All your life you’ve put up with my advice. Eat your peas. Don’t stand in your highchair. Wait 30 minutes after lunch before swimming. Don’t talk to strangers. Don’t trust boys. Apply early to college. Don’t trust boys. (Am I repeating myself?)
I stand by all of it, but now I write you not just as a father—but as a grandfather.
I’m so proud of you, honey. You found a good man and married him, and have just finalized the adoption of a beautiful 2-year-old son. I love Gabriel with the fiery passion of a thousand suns. (Remember when that was your favorite phrase? I do.)
What We're Reading This WeekGet recommendations for the greatest books around straight to your inbox every week.
You don’t need my lessons anymore. You could argue that you never needed it. Actually, you did argue that you didn’t need it, but I couldn’t help myself. Your sister Gabrielle and brother Tyler were equally unimpressed. (By the way, do you think they know how much I love them? How proud I am of them?)
You still don’t need my help. I still can’t help myself.
So I start with the advice your “Bompa” gave me when I was exactly your age. We were sitting in an Arkansas bar shortly after his 25th wedding anniversary when I asked my dad how he kept his marriage with Mom so fresh and strong. “As much as I loved you guys,” your grandfather replied, “I never forgot that you would grow up and be gone, and I’d always be with your mom.”
Be a spouse first, a parent second. Great advice. Gabriel will live with you for 18 to 25 years and, hopefully, you will be married twice as long to Tom. Your commitment to each other can be a model for Gabriel when he grows up and finds a partner.
(Remind me to tell Tom about the other piece of advice Dad gave me that night in the bar: He said of my mom, “Even when she’s wrong, she’s right.”)
Now let’s talk about your expectations for Gabriel. You edited Love That Boy, so you might recall the questions that developmental psychologist Cynthia Edwards asks of new parents. Why did you want to be a mom or dad? Did you want to love somebody else, or did you want somebody else to love you? Did you want to create a new life, or improve yours? Did you want to contribute to a new generation, or did you want to help shape one?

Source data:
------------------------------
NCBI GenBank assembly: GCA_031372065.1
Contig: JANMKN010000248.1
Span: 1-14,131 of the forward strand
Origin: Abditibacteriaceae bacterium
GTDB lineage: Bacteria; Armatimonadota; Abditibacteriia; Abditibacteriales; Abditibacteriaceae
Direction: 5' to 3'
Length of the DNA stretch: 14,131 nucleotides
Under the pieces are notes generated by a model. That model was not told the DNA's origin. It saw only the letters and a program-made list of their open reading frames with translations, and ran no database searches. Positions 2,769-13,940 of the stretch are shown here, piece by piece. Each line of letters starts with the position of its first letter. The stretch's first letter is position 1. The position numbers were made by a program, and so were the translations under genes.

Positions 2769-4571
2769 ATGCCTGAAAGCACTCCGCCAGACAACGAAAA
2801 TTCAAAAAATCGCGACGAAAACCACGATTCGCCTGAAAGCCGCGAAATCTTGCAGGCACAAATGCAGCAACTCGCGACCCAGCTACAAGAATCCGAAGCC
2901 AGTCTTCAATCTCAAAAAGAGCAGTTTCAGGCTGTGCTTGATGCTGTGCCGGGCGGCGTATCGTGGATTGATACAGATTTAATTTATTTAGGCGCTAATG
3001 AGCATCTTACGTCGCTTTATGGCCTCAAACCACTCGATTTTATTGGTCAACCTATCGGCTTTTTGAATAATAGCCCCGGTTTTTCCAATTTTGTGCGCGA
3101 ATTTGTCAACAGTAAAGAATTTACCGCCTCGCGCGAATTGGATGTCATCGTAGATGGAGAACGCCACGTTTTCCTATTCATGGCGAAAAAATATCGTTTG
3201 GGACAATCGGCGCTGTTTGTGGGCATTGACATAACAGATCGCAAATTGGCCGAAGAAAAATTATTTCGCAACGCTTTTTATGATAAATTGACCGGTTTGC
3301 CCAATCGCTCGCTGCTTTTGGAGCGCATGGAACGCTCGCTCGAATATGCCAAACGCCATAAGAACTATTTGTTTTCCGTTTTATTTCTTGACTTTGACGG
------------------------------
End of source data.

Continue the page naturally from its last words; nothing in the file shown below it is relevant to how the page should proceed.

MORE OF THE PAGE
I’m the first to admit that I became your father for a combination of selfless and selfish reasons. Be honest, honey: Why did you become a mother?
If you’re like me, there is at least a part of you dragging the baggage of childhood into parenthood. You want to raise Gabriel in your image, because it’s easier to connect with a “mini-me” than to a stranger, and you’re already setting high expectations, because this is a scary world and you love him.
Don’t be like me.
Don’t worry about whether he is a “popular kid.” Help him avoid the dangers of social climbing and learn how to forge friendships that are sincere and loyal.
Don’t pretend he is a genius and push him too hard in school. Gabriel may not be gifted—most children are not. But your son is a gift.
Don’t try to make him a superstar, most valuable of something. Help him find his passions and to pursue them without fear of failure. Recognize the difference between dancing with him in the living room and forcing him to take dancing lessons.
What you ultimately what for Gabriel is happiness, right? So remember this quote: “True happiness, the kind of happiness we ought to wish for our children and for ourselves is almost always the result of doing hard but good things over and over.” Happiness is not pleasure. It’s goodness.
There is nothing wrong with the pleasure, but it’s fleeting. Raising kids, working through marriage troubles, and volunteering at a soup kitchen may be less than pleasurable, but these pursuits provide fulfillment—a sense that you’re the best person you can be. Researchers calls this eudaimonic well-being and link it directly to lower levels of cardiovascular disease, Alzheimer’s disease, and other maladies.
You’re happy, Holly, right? You’re happy because you work hard at your marriage and at motherhood, and because you’re committed to volunteerism and serving your community through your church and your work. Your life has purpose. You do hard but good things over and over.
That makes my pride for you greater than the fiery passions of a thousand suns.
You came home for a visit two weeks ago with Gabriel. One morning, I heard his tiny voice from behind a closed door—the door to the bedroom you once shared with your sister. I heard, “Bompa! Bompa! Bompa!” and my heart stopped. That’s what you guys called your grandfather, my father, God rest his soul.
“Bompa! Bompa! Bompa!” Gabriel called for his grandfather and the circle of life closed around me like a warm embrace. The highest compliment your grandfather could offer another person was to call him “a good man” or her “a good woman.” Goodness is a powerful thing, Holly.
Please make my grandson happy. Raise him to be a good man.
Featured images: Courtesy of Holly Flickinger
Author Photo: © Richard A. Bloom/Nat’l Journal